The Wonder Down Under

The January/February 2016 issue of Brown University’s Alumni Magazine includes a feature of Cashes Ledge and Dr. Jon Witman, who is a professor of biology at the university and a Cashes Ledge expert. Having dived at Cashes Ledge for more than 30 years, Witman has seen the underwater mountain range evolve from a bountiful ecological environment to a still-productive but threatened habitat. Below is an excerpt from the article by Louise Sloan. Read the full version here

It’s not exactly a trip to the Statue of Liberty or Muir Woods. To get to Cashes Ledge, part of a proposed national monument in the Atlantic Ocean’s Gulf of Maine, you have to get in a boat and head to a spot about eighty miles east of Cape Ann, Massachusetts. After the four-hour trip, you drop an anchor near Ammen Rock, the tallest pinnacle in Cashes Ledge, a twenty-five-mile-long underwater mountain chain. Ammen Rock rises from the sea floor 720 feet below to within thirty feet of the water’s surface. Once there, divers set up a buoy marking the spot, the only clue to Cashes’s underwater marvels. Then they jump into forty-degree water that’s moving at a speed of two to three knots—about as fast as a class II rapids—and “swim like hell for the buoy,” says Professor of Biology Jon D. Witman, who has been conducting research at Cashes Ledge for more than thirty years.

As you pull yourself hand-over-hand down the buoy rope, Witman says, you slowly make out what looks like the ocean floor. But, as you get closer, you realize it’s moving. What you’re looking at is the canopy of an undersea jungle, a forest of kelp exponentially thicker than any you’ll find elsewhere in the coastal Gulf of Maine. Because of the distance between Cashes Ledge and the coast, where the water is clouded by runoff and other pollutants, sunlight penetrates deeply into the clear, cold water. As a result, the kelp grows as far down as 100 feet, and it grown unusually tall—up to fifteen feet.

. . .

Ten years ago, when the Conservation Law Foundation (CLF) asked Witman, who teaches Brown undergrads the basics of ecology, to recommend an ocean area to protect, Cashes was the obvious answer. Witman describes it as a “Disneyland of biodiversity” containing every kind of ocean bottom habitat, all in a concentrated space. Combined with the food pump provided by the waves, this dense habitat contains a rare proliferation of sea creatures representing an unusual variety of species. The complexity helps create more ecosystem stability and probably greater resilience to withstand such threats as climate change. With this range of creatures filtering water, removing carbon, producing oxygen, and providing all the other “ecosystem services” that the fish we eat depend on, Witman says, Cashes is a key to the health and productivity of the entire Gulf of Maine, including areas where commercial fishermen harvest cod.

Read the full article

The Ocean’s Top Predators

In “Ocean Soul,” world-renowned National Geographic photographer Brian Skerry says, “It’s been said that sharks have remained unchanged for hundreds of millions of years because they are perfect and that no further evolutionary change is necessary.”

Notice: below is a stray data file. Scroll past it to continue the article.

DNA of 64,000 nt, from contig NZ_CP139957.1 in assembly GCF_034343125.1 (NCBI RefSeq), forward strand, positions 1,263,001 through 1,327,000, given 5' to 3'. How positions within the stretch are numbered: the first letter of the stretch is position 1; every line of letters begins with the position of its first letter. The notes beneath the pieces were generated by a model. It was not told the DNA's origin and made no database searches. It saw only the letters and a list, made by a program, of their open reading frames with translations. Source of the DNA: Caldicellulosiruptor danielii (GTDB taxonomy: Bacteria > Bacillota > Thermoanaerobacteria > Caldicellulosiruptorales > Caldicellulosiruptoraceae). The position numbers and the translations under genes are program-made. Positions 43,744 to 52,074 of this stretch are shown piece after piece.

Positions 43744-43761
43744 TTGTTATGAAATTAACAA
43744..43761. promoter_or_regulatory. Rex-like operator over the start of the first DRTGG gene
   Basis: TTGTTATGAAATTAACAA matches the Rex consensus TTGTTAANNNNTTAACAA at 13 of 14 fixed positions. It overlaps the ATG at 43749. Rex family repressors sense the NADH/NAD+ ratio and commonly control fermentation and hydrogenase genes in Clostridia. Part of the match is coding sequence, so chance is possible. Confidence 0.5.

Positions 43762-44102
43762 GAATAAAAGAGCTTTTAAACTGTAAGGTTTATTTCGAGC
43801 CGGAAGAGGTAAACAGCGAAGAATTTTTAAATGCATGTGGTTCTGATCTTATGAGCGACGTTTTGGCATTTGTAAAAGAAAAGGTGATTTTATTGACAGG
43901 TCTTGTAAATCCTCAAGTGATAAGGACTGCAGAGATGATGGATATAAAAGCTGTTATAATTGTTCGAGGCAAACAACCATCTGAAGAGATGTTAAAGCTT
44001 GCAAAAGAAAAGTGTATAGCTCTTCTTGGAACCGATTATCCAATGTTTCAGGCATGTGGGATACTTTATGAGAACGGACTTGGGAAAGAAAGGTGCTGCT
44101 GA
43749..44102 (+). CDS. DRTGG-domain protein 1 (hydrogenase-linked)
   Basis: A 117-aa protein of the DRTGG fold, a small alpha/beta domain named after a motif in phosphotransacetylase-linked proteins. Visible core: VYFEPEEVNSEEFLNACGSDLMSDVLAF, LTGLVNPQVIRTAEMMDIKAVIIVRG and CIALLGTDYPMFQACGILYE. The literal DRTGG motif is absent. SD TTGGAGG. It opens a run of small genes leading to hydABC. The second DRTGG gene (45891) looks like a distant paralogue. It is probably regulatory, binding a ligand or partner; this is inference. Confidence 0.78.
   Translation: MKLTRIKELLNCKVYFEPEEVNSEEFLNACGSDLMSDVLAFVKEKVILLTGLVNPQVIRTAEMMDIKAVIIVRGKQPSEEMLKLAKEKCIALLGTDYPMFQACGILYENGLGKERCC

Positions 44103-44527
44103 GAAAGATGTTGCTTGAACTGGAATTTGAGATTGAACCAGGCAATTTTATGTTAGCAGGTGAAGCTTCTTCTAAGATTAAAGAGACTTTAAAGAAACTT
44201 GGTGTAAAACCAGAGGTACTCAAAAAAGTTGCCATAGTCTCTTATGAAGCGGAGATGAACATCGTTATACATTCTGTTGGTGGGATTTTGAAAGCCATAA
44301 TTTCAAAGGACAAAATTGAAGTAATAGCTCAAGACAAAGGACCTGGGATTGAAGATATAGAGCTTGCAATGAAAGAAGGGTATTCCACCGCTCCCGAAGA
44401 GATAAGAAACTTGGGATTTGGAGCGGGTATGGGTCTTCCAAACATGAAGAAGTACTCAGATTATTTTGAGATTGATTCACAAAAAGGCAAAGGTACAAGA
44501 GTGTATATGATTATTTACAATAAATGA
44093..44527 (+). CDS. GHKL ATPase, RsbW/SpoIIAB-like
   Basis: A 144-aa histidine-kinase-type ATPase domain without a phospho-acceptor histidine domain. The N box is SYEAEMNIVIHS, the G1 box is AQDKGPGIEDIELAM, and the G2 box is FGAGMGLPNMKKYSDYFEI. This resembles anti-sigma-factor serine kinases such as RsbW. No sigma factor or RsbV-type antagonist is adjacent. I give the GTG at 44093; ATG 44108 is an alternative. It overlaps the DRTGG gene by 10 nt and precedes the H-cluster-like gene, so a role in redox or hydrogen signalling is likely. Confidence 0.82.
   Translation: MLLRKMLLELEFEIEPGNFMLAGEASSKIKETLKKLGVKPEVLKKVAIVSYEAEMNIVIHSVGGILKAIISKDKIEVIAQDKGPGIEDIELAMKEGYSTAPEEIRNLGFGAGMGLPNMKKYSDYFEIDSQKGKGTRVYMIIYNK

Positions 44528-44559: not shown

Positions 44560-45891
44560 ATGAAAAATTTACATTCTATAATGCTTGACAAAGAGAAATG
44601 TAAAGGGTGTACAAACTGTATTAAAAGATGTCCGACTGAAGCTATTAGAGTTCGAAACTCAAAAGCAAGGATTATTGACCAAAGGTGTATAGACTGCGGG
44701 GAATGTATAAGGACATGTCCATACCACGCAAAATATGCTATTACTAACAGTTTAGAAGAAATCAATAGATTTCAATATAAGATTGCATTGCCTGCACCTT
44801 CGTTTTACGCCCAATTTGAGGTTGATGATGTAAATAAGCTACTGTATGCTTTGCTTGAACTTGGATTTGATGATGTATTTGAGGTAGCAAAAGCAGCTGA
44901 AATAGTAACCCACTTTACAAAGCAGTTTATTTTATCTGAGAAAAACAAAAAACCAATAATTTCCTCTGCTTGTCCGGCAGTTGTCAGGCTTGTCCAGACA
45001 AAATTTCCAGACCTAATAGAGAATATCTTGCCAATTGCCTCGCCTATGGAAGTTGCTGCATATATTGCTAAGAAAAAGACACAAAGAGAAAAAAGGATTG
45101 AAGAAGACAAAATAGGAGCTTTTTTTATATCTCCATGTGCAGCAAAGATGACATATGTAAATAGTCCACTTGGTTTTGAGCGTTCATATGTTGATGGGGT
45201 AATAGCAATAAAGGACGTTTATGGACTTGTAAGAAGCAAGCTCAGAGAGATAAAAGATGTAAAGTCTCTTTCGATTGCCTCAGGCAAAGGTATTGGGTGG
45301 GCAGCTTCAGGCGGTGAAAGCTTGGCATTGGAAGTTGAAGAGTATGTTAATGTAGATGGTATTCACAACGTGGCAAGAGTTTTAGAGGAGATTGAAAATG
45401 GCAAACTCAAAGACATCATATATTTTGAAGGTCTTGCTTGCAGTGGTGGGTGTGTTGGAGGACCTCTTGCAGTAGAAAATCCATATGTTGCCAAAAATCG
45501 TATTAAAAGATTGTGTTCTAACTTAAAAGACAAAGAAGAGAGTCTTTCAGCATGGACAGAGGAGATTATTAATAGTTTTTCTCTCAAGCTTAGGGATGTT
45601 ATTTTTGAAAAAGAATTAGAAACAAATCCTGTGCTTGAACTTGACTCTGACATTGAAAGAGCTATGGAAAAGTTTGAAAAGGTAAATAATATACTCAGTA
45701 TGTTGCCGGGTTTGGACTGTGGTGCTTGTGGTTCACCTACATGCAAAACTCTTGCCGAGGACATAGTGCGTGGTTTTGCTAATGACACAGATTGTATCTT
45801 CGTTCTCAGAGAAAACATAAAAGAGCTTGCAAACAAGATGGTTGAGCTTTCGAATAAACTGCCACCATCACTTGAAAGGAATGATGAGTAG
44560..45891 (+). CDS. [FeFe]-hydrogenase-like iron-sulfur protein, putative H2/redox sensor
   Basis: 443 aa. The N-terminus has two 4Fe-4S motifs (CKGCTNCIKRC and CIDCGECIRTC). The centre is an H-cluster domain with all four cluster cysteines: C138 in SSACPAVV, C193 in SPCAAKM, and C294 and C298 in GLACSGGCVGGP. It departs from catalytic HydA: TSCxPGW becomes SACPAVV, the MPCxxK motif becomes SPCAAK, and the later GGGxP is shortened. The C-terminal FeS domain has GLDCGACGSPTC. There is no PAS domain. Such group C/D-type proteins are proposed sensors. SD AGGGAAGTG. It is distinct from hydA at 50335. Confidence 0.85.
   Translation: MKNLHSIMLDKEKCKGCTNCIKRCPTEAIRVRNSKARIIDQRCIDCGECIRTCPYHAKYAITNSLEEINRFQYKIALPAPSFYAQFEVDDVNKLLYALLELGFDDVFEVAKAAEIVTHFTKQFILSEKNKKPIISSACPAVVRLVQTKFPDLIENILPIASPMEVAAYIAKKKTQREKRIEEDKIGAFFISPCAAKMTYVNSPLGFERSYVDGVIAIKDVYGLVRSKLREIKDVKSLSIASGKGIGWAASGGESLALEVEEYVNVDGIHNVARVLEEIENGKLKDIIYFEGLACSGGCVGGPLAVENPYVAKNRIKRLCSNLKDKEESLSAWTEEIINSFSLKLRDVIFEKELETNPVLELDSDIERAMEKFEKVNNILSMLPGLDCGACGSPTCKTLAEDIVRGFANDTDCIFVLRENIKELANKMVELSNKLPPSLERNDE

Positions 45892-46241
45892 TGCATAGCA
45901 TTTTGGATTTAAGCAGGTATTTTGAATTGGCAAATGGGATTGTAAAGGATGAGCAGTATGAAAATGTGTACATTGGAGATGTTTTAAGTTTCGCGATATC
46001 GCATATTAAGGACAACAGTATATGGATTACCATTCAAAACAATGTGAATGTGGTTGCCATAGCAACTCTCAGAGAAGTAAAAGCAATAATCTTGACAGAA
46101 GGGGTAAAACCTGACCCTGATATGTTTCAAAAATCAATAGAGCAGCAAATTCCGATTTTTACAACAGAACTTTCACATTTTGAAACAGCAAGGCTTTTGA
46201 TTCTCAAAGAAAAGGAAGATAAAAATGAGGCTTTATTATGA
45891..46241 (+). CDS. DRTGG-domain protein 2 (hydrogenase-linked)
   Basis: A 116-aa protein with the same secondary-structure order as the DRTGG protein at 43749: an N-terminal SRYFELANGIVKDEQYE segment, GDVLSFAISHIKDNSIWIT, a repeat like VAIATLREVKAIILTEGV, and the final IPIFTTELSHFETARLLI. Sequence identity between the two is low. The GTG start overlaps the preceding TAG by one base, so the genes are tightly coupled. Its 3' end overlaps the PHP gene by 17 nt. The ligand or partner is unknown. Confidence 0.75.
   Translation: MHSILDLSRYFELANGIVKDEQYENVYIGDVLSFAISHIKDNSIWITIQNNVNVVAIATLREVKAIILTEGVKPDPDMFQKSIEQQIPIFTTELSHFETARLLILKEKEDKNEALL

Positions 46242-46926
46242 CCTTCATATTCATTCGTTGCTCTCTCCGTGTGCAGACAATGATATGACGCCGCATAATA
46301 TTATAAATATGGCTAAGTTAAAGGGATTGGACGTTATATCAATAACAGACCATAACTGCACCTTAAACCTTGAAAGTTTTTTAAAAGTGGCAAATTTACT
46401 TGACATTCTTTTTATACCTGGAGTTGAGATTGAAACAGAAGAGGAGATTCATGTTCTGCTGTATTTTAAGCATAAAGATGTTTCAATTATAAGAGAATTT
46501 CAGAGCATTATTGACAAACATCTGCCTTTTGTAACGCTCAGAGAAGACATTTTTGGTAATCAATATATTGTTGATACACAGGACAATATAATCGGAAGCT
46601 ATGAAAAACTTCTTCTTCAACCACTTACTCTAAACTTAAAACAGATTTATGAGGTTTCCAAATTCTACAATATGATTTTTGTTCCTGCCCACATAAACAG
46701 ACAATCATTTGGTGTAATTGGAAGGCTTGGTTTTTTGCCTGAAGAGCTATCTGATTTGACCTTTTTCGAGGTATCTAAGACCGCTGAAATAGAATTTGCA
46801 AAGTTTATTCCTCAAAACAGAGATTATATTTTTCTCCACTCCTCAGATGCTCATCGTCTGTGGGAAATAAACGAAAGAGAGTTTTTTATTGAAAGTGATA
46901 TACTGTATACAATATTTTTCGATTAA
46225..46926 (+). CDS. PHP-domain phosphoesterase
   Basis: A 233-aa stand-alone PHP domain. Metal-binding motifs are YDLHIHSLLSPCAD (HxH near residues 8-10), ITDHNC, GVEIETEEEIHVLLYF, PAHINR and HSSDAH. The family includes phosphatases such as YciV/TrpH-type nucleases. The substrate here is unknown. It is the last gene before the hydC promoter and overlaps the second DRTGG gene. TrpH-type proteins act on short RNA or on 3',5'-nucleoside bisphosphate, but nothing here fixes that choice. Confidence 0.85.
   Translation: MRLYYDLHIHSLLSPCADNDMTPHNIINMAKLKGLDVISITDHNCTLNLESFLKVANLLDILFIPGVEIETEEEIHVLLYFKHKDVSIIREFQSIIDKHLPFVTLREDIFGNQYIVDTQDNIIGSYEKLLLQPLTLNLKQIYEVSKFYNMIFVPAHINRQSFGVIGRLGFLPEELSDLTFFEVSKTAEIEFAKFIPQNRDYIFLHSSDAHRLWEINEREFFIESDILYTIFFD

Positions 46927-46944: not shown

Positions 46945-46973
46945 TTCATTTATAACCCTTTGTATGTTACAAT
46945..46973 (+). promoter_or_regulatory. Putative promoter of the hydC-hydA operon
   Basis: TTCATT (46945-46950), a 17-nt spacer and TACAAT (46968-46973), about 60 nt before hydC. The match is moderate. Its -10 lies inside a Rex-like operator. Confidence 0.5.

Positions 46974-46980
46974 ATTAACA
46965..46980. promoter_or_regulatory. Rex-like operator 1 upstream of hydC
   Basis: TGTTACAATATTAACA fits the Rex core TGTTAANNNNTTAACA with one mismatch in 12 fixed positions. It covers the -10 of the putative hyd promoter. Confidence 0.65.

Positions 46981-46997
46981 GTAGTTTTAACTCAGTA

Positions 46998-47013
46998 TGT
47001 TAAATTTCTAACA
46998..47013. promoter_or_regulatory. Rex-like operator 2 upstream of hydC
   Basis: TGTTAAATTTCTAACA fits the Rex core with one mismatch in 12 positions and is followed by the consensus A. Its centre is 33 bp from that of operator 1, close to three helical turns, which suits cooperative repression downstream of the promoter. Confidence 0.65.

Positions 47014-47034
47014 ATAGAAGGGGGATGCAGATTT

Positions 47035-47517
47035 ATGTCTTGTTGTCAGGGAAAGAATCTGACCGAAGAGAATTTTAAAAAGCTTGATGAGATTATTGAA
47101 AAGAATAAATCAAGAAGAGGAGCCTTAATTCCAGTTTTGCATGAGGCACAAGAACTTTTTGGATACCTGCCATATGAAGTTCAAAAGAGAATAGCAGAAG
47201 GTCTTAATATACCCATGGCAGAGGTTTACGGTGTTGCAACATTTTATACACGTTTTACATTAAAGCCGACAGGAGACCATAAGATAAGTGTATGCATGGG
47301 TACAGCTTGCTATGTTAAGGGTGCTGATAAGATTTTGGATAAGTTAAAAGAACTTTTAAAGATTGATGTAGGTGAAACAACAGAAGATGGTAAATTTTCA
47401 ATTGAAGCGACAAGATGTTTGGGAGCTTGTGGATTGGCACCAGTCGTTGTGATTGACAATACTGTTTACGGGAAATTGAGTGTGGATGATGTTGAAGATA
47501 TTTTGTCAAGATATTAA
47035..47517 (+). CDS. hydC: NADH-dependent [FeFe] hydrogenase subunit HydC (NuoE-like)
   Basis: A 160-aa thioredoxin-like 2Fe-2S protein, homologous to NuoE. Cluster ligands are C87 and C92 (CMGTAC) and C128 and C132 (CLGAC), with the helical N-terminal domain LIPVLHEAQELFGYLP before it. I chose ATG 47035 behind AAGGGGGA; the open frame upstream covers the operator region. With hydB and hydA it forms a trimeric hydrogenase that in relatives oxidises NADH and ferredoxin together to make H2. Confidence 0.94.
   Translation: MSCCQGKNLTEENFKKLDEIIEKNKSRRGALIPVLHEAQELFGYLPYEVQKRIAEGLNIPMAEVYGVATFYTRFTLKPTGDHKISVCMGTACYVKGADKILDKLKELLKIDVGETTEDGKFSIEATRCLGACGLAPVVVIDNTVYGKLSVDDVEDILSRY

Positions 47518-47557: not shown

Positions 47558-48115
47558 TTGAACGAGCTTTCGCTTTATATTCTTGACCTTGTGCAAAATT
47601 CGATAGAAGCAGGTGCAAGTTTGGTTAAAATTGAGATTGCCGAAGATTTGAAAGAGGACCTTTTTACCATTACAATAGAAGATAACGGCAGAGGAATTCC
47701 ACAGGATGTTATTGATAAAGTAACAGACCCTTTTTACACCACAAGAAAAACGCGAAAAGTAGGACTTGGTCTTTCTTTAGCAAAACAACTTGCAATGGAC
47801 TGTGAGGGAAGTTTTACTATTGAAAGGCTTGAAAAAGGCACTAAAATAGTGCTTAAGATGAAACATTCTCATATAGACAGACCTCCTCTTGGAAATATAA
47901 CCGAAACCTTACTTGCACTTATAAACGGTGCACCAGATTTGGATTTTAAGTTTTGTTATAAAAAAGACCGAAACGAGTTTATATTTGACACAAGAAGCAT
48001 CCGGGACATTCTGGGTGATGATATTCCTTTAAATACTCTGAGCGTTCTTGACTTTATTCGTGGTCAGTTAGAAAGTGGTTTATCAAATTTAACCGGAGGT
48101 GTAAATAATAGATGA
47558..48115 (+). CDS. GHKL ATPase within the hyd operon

Sharks have certainly reached the top of the food chain as the ocean’s apex predators. Apex is a word of Latin origin meaning peak or tip. In ecological terms, apex is used to describe an animal that has no natural predator within its ecosystem—terrestrial examples include wolves and cougars.

Although humans might find them terrifying, apex predators are crucial for maintaining healthy ecosystems. Sharks, for example, play a vital role in balancing ocean food webs. They aid in population control of smaller predators, so that prey species are able to exist at healthy levels. They also regulate the behavior and abundance of prey species, protecting habitat like seagrass beds and coral reefs from overgrazing, and promote biodiversity by preventing any single prey species from monopolizing resources.

Sharks also tend to prey on weak or sick members of a species, so as to minimize their caloric hunting expense. This natural tendency towards efficiency promotes healthier populations by advancing the transmission of strong genes, as weaker genes are taken out of the gene pool.

Despite the enormous amount of good we know sharks do for ocean ecosystems, humans hunt sharks for their meat, especially their fins. Sharks can also become collateral damage to commercial fishing for other species—accidental net entanglements or hooking often prove lethal. According to a 2013 report published in “Marine Policy,” humans killed approximately 100 million sharks in 2000, and 97 million in 2010. Annually, humans kill between 63 and 273 million sharks.

What happens when the oceans begin to feel the loss of sharks? Populations of smaller predator species boom, stressing habitats and depleting populations of prey species. These changes can be very detrimental to the fishing industry. For example, depleted great white shark populations have been linked to the boom in gray seal numbers in New England, and the voracious appetite of the seals may be harming the recovery of overfished cod. In North Carolina, a decline in large sharks because of overfishing led to an increase in cownose rays, one of the sharks’ prey species. Cownose rays eat shellfish, and so an increase in their population caused the bay scallop fishery to collapse.

Clearly, apex predators like sharks are absolutely critical to maintaining healthy marine ecosystems. The role of apex predators is better understood today than ever before, and now that we know how vital their role is, it is time to protect and respect the ocean’s top predators.

Photo via Mass. Office of Energy and Environment